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On Halloween, US top court ponders costumes

On Halloween, US top court ponders costumes
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In a happy coincidence of the US judicial calendar, the Supreme Court on Halloween Monday is set to solemnly take up the subject of costumes and outfits.

The eight justices have been asked to define copyright limits in a usual case that poses the question: Can the design of a cheerleader’s outfit be protected by rights of authorship?

The dispute is more substantive than it appears, pitting Star Athletica against Varsity Brands, both manufacturers of clothing for young athletes, or in this case cheerleaders.

A beloved feature of the US sporting scene, cheerleaders have been exciting fans at American football, baseball and other games for more than 120 years. Varsity, the market leader, accuses its smaller rival Star Athletica of copying certain of its cheerleader costumes.

According to federal law, a design can be protected by copyright if it can be distinguished as separate from the article’s function. In this case, Varsity insists that the chevron pattern on the tops and skirts of its cheerleading outfits is a conceptual creation separate from the uniform’s function. Star Athletica maintains the opposite.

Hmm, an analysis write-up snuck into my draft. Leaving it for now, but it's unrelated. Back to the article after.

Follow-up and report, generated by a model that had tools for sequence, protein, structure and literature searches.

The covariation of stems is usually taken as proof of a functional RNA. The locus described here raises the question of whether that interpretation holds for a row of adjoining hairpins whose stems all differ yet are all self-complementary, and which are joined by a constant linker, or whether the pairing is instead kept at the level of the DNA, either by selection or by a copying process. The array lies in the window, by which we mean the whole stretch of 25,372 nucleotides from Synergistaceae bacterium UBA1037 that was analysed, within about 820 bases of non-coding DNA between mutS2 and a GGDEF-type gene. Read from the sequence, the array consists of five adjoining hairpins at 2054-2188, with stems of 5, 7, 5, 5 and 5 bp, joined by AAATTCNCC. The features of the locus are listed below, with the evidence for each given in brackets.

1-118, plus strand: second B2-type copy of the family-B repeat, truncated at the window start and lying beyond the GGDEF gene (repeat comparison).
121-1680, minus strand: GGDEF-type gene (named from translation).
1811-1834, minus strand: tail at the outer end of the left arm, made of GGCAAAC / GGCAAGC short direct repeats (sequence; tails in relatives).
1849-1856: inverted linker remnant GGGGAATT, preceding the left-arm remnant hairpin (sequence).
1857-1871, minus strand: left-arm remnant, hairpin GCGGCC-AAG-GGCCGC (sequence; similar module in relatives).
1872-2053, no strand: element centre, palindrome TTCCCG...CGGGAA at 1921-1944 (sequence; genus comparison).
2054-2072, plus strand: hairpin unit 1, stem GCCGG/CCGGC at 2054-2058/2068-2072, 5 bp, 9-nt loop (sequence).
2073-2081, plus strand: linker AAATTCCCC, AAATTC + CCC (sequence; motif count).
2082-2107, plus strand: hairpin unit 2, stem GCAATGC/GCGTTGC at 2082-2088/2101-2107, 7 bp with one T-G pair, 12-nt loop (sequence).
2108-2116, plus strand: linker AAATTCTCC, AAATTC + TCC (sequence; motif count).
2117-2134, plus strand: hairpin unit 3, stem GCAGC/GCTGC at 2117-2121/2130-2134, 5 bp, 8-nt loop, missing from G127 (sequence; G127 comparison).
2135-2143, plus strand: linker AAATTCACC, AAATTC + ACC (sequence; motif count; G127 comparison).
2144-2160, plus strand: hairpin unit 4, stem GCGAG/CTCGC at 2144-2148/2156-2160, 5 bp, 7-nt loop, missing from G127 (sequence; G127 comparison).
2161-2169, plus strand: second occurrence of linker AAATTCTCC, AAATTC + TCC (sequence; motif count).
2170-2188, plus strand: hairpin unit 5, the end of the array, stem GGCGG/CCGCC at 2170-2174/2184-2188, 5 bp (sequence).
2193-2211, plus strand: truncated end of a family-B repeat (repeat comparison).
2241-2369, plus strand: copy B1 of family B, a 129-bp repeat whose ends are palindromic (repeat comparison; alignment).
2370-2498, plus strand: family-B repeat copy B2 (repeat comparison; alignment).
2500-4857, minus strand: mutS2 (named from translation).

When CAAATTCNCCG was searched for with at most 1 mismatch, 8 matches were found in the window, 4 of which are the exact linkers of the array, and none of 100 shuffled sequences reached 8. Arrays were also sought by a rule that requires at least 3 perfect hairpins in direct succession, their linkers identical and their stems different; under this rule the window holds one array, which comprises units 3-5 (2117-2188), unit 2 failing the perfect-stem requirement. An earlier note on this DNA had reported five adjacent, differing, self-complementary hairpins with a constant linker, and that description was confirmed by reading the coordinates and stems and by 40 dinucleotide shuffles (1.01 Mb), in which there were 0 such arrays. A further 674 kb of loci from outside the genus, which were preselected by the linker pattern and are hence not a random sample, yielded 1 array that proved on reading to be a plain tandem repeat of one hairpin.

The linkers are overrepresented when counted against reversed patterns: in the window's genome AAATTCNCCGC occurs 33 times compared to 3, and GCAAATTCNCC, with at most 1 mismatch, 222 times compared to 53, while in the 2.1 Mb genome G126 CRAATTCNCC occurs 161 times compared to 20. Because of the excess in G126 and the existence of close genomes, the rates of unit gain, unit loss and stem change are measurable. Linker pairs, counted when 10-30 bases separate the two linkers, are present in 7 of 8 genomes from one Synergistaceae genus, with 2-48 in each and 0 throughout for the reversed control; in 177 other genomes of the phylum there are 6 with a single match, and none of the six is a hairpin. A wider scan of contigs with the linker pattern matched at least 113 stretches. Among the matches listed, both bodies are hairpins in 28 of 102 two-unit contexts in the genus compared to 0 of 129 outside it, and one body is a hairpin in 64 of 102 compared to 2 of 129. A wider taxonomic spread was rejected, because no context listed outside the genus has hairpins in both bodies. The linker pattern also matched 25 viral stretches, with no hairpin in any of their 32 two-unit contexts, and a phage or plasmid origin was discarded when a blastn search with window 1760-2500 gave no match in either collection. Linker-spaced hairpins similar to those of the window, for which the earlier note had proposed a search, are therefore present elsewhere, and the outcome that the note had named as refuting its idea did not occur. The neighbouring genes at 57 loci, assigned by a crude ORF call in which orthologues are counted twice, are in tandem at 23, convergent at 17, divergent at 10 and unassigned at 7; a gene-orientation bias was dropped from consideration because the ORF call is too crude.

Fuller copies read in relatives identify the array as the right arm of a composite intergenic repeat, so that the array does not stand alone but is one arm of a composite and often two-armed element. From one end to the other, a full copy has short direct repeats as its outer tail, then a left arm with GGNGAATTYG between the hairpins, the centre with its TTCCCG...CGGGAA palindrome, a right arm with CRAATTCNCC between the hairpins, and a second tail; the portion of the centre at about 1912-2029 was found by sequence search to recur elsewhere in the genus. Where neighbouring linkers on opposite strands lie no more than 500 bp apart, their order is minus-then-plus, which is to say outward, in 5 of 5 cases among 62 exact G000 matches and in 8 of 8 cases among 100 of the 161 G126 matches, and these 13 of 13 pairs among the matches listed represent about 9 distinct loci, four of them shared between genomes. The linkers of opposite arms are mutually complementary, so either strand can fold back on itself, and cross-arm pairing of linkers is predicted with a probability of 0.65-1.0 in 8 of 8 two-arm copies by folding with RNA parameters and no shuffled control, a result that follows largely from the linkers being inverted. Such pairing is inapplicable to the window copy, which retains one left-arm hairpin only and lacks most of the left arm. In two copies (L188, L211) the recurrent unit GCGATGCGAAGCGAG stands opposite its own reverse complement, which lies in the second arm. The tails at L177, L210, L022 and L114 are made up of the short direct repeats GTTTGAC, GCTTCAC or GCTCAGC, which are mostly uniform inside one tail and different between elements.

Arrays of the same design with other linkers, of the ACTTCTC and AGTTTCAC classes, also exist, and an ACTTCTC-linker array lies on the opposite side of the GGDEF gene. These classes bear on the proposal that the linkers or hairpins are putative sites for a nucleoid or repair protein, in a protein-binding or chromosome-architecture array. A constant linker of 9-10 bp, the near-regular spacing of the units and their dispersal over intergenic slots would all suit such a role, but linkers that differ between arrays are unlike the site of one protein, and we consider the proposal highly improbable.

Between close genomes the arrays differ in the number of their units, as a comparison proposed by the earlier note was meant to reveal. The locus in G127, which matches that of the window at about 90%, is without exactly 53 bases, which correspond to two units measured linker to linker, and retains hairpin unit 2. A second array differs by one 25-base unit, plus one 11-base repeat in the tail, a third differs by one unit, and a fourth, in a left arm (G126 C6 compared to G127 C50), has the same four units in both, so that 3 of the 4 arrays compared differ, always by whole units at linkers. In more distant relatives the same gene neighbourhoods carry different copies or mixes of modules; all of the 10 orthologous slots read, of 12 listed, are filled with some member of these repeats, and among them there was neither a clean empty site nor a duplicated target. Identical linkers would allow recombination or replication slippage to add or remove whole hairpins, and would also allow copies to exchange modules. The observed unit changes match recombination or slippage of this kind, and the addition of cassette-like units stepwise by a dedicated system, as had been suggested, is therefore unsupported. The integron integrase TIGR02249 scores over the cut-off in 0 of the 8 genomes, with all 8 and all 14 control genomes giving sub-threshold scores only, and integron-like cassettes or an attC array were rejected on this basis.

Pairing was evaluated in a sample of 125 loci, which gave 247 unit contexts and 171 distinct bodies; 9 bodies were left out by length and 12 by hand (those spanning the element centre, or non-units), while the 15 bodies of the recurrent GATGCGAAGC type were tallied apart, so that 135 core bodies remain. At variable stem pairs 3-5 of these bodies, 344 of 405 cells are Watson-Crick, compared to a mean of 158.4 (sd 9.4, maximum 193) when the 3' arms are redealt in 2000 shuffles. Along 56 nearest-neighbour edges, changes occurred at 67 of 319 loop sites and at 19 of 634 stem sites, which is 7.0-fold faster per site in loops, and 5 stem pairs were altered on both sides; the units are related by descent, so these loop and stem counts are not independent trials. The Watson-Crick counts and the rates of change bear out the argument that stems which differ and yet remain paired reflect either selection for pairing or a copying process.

The court’s challenge will be to draw the line between the aesthetic and utilitarian, creating a framework for deciding whether a copyright for design is valid.

The decision could have broad repercussions with significant economic consequences. The dispute is particularly concerning to devotees of “cosplay,” who dress up in costumes that borrow from characters in Japanese manga comics, video games and other spheres. 
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